Kunstmuseum Den Haag acquires rare flower pyramids

The First Art Newspaper on the Net    Established in 1996 Monday, April 15, 2024

Kunstmuseum Den Haag acquires rare flower pyramids
Delftware flower pyramids are rare – particularly ones of this height (approx. 1.60 metres) and exceptional quality. Purchased with the support of the Rembrandt Association (courtesy of its National Art Collection Fund, its Van Rijn Fund and Foundation Van Rees-Klatte), and of the Mondrian Fund, the Kunstmuseum Fund and BankGiro Loterij. Photo: Gerrit Schreurs.

THE HAGUE.- ‘This was the chance of a lifetime’, says director Benno Tempel of the museum’s acquisition of two seventeenth-century Delftware flower pyramids. ‘Very few flower pyramids have survived intact over the centuries, and virtually none as a pair. These are probably the last pair on the open art market.’ The two large pyramid-shaped flower holders were made in Delft around 1690. Their blue-and-white decoration depicts birds, rocks and flowers in a Chinese style. There are only three other sets of flower pyramids of this extraordinary iconic style in the world and just one single vase. Experts had no idea there was a fifth set. Kunstmuseum Den Haag, which has one of the most important museum collections of Delftware in the world, had no flower pyramids, despite the fact that they are the symbol of Delft blue. This purchase therefore makes an ideal addition to the museum’s collection, and also represents a boost to the Dutch national collection.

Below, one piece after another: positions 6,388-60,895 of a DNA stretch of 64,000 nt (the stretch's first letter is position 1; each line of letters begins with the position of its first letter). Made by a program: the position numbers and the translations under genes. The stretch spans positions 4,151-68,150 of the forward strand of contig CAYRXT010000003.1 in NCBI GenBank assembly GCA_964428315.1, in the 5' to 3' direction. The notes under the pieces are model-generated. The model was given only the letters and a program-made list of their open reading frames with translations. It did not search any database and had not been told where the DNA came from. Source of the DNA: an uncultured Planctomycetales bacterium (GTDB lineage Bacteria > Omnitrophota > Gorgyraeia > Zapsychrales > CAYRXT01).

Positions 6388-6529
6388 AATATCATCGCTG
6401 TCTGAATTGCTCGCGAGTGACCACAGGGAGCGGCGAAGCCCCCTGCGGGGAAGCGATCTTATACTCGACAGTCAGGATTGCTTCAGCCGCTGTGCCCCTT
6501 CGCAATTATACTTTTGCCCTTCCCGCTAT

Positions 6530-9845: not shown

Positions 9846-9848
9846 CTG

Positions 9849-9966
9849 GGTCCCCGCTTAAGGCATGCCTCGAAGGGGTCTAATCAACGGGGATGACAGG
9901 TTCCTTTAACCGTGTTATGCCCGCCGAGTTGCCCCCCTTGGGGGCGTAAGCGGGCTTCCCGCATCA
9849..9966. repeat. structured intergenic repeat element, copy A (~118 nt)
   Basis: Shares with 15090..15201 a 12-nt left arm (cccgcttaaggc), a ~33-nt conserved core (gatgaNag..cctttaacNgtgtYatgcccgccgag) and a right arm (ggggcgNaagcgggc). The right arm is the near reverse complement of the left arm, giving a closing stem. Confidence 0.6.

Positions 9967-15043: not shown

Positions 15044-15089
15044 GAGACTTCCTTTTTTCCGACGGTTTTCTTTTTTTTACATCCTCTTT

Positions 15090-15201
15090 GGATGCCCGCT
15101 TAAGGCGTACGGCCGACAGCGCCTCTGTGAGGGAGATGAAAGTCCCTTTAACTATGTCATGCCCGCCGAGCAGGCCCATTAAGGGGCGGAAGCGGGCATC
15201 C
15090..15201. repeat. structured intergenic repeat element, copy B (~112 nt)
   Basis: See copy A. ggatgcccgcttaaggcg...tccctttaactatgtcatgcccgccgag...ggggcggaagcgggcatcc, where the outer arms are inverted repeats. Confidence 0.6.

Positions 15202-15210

Delftware flower pyramids are rare – particularly ones of this height (approx. 1.60 metres) and exceptional quality. The two flower pyramids recently purchased by Kunstmuseum Den Haag have withstood the test of time remarkably well. They consist of nine elements resting on four sphinxes, on a pedestal supported by three recumbent lions. This pair of flower pyramids can be regarded as highlights of blue Delftware. They are in good condition. Only the top parts of the towers have been replaced by eighteenth-century Chinese porcelain, and a corner of one of the pedestals has been restored. The acquisition has already led to a number of new discoveries.

National collection
In the late seventeenth century Delft potters produced flower holders several metres tall for the court of William and Mary and the European elite. Their palaces were decorated with Chinese porcelain and Delftware, the Dutch version of ‘China’. The vases combined two of Mary’s great passions: flowers and ceramics. A number of flower pyramids are now kept in museum and private collections. The largest single example (1.78 metres tall) is at the Louvre. The other sets of the same iconic design as the pair purchased by Kunstmuseum Den Haag, are at the Victoria & Albert Museum in London, the Rijksmuseum in Amsterdam, the Museum of Decorative Arts in Prague and Chateau Mnichovo Hradište in the Czech Republic. This purchase is therefore very important for the Dutch national collection. Examples of this important part of our cultural heritage can now be seen at two locations in the Netherlands.

Royal Blue